Riding on the SBSM15 bus down Second Avenue in Manhattan and talking to a recent acquaintance, we were joined in conversation by a woman sitting in front of us who overheard us and wanted to contribute to our discussion of a social topic, so we let her have her say.
The animated character of her words and gestures made me think of the piece of historical information my former teacher Roman Jakobson had imparted to me about the variety of linguistic expression as taught by the great Russian actor and director Konstantin Stanislavsky, namely his use in acting classes of the last lines uttered by its hero Chatsky in the Russian classic play “Gore ot uma” (“Woe from Wit”) by Alexander Griboedov, “Karetu mne, karetu” (“My carriage, my carriage”). The exercise for students was to say these lines in as many variations as possible, including a whisper. The point was to habituate actors to the near-infinite expressive possibilities of language, where linguistic nuances based on enunciation, emphasis, and intonation embody emotive meaning and thereby necessarily differentiate a whole range of variants.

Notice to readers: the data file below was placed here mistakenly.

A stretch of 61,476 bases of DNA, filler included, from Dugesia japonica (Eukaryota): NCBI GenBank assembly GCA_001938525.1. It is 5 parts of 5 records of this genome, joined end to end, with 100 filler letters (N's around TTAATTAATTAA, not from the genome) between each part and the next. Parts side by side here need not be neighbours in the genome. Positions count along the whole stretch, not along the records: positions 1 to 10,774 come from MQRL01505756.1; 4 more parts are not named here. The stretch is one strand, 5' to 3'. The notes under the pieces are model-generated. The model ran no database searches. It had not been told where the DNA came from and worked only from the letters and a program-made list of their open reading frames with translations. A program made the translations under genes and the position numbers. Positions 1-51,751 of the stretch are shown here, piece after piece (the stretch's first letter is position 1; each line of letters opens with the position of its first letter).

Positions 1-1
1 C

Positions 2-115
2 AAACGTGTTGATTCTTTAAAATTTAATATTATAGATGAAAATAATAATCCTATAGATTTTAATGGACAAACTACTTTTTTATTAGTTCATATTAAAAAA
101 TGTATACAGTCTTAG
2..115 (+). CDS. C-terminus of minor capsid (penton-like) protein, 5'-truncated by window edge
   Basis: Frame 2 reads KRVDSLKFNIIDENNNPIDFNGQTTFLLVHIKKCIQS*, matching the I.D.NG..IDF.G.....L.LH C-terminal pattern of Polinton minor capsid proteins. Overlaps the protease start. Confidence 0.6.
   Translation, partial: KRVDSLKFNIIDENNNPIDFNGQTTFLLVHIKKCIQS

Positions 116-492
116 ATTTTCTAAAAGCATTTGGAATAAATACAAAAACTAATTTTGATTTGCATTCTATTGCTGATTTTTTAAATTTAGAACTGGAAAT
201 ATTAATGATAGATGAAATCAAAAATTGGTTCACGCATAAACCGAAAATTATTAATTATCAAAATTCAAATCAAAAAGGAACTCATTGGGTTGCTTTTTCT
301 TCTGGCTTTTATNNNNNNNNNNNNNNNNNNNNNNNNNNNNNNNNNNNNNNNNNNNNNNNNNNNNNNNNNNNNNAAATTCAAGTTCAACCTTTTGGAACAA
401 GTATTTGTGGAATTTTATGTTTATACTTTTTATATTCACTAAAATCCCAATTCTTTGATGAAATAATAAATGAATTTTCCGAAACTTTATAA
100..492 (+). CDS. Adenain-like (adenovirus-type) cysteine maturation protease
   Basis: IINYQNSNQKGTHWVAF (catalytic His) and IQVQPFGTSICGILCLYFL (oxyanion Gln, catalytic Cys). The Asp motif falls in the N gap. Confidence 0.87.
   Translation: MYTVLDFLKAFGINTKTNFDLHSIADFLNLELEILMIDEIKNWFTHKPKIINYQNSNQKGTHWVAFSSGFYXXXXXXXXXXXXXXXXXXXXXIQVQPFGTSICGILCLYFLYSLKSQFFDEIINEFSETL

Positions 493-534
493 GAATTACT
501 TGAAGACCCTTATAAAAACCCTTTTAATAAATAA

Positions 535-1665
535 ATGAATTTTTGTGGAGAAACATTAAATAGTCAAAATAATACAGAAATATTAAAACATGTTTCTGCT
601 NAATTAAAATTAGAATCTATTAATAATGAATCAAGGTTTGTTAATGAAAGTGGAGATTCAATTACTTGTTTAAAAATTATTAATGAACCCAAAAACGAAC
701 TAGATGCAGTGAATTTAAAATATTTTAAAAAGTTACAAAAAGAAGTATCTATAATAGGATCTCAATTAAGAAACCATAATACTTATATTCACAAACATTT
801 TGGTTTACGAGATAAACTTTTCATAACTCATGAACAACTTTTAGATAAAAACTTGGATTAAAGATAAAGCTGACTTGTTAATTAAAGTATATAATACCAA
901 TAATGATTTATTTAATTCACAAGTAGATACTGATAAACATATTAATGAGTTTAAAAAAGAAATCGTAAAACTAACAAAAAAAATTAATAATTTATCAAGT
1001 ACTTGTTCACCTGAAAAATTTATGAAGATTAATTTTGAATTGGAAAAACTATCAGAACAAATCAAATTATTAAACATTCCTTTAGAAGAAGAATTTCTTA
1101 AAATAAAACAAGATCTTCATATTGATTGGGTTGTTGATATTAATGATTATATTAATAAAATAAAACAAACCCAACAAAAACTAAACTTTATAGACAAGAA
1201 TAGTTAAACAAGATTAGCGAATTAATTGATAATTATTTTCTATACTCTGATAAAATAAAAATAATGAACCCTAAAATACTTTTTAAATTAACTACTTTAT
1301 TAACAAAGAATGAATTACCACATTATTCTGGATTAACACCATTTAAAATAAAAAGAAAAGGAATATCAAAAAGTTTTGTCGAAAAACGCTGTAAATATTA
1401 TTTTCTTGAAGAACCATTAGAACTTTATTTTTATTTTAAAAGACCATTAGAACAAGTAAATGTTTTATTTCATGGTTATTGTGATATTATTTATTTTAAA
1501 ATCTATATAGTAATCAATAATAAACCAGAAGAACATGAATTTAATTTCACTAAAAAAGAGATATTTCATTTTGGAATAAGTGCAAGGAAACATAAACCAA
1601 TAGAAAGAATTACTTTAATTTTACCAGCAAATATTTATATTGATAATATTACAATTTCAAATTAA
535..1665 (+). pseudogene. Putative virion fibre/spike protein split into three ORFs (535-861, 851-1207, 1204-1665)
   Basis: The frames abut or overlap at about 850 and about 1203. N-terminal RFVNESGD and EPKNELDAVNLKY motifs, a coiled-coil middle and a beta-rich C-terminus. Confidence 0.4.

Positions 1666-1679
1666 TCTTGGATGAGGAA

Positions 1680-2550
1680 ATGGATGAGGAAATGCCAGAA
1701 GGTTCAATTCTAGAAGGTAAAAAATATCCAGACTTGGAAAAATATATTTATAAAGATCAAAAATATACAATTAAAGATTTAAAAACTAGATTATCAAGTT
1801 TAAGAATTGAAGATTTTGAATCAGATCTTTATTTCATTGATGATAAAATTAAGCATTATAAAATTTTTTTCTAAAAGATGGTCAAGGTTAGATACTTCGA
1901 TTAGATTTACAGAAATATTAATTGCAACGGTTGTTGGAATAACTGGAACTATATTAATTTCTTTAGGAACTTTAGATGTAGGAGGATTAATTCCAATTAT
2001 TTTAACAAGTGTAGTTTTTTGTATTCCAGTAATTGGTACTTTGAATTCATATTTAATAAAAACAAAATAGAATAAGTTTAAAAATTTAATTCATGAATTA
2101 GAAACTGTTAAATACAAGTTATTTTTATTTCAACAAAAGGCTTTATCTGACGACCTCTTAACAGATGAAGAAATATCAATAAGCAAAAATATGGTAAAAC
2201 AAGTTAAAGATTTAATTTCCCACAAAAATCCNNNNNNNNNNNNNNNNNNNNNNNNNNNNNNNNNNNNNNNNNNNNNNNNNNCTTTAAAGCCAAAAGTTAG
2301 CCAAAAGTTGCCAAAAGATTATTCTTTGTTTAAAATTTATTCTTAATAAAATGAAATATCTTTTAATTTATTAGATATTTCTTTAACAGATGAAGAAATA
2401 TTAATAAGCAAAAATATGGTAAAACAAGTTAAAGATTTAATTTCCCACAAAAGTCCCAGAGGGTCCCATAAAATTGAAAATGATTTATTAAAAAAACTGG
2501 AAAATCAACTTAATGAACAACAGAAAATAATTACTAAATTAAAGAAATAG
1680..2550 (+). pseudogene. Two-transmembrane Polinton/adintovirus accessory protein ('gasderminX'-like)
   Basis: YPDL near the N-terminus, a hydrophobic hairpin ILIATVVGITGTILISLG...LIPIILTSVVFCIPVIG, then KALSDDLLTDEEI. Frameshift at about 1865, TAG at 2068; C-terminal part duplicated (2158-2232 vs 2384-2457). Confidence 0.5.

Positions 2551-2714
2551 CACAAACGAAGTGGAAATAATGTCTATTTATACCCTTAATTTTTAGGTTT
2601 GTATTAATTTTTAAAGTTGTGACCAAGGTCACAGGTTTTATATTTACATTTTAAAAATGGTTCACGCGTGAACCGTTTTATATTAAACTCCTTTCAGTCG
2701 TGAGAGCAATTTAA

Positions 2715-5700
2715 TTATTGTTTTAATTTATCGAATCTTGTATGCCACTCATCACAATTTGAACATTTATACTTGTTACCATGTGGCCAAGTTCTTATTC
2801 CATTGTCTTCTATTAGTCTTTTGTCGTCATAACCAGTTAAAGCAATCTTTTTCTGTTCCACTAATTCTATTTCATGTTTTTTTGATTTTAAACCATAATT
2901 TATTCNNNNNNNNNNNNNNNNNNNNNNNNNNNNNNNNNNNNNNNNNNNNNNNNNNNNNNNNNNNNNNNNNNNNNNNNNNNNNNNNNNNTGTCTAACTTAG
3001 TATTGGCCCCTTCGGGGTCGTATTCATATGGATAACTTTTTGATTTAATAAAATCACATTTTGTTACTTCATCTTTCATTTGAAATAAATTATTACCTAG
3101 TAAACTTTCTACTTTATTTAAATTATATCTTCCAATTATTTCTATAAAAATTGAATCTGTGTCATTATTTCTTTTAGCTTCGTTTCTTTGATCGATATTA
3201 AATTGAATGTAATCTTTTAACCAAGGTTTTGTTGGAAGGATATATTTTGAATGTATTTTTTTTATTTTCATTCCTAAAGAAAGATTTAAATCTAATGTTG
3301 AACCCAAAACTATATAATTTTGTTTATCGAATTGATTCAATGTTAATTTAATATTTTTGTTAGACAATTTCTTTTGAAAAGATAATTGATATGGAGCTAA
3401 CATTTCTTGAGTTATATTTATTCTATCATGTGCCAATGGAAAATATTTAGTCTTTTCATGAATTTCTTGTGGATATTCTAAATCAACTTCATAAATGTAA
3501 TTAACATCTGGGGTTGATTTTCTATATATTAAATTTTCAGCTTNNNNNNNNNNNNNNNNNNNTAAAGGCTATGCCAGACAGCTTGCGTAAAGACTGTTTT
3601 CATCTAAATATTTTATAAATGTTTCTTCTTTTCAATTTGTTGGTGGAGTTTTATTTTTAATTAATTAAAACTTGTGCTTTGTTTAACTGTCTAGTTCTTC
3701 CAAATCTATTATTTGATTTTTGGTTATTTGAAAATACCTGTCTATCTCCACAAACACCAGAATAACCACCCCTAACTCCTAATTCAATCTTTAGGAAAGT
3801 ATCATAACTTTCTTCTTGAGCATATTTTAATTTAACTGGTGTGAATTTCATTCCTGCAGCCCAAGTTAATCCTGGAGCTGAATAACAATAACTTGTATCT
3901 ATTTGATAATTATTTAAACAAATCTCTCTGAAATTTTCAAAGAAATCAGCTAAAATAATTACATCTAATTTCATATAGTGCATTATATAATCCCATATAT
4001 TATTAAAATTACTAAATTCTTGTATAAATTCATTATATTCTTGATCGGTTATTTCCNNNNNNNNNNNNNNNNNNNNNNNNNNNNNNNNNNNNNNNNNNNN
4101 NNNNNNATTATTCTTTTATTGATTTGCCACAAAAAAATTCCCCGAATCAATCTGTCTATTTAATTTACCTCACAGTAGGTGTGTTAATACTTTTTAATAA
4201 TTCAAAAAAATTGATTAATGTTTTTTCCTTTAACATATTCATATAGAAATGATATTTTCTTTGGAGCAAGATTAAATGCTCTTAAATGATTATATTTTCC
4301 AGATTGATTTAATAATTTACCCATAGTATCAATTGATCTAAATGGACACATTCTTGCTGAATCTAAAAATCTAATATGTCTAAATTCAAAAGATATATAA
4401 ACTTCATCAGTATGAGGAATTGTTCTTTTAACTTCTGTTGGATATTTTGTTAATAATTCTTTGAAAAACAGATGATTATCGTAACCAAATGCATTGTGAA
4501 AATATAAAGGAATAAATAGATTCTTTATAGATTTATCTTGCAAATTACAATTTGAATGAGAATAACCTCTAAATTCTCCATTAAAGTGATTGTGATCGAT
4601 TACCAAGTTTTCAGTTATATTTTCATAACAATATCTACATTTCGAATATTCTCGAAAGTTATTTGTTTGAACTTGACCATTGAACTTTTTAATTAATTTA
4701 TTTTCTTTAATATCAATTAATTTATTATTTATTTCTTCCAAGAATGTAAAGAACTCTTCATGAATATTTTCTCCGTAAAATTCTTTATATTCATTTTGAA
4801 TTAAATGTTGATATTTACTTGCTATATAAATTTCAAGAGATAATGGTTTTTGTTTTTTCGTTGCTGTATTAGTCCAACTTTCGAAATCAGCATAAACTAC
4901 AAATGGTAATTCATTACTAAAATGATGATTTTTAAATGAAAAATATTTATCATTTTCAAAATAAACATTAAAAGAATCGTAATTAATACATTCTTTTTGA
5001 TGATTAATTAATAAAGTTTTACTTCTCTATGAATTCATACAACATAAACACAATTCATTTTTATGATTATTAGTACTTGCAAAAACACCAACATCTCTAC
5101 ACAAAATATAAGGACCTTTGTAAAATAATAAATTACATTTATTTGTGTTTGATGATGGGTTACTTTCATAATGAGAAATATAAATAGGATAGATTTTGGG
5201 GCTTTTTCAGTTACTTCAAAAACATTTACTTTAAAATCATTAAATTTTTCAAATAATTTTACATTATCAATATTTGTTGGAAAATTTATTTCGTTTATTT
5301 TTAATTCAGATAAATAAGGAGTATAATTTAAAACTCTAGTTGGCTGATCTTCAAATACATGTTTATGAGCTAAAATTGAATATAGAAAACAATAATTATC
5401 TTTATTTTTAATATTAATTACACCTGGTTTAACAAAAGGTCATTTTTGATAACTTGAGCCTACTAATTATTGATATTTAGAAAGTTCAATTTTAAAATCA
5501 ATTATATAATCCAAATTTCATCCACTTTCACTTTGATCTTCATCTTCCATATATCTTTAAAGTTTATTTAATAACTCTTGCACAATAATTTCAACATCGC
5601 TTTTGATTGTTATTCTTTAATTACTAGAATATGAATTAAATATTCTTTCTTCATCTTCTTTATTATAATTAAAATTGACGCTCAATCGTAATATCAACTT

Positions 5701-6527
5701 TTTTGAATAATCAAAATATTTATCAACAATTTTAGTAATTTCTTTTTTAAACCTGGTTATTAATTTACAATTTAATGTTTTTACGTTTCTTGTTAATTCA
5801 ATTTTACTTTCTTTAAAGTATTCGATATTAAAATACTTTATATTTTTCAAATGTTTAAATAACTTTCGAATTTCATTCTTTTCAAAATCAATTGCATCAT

Especially through such chance encounters (as with the lady on the bus) one becomes more convinced than ever that the dictum “You are what you say” (my formulation) is exemplified not only by trained actors on the stage but by all of us when we speak. Whatever else we do with our bodies when we use language (gesticulate with our hands, turn our lips this way or that, etc.), it is more than anything the nuances of our speech that carve out those parts of the matrix of meaning in which all semiosis is embedded, and hence characterize our selves as speaking beings unlike any other species.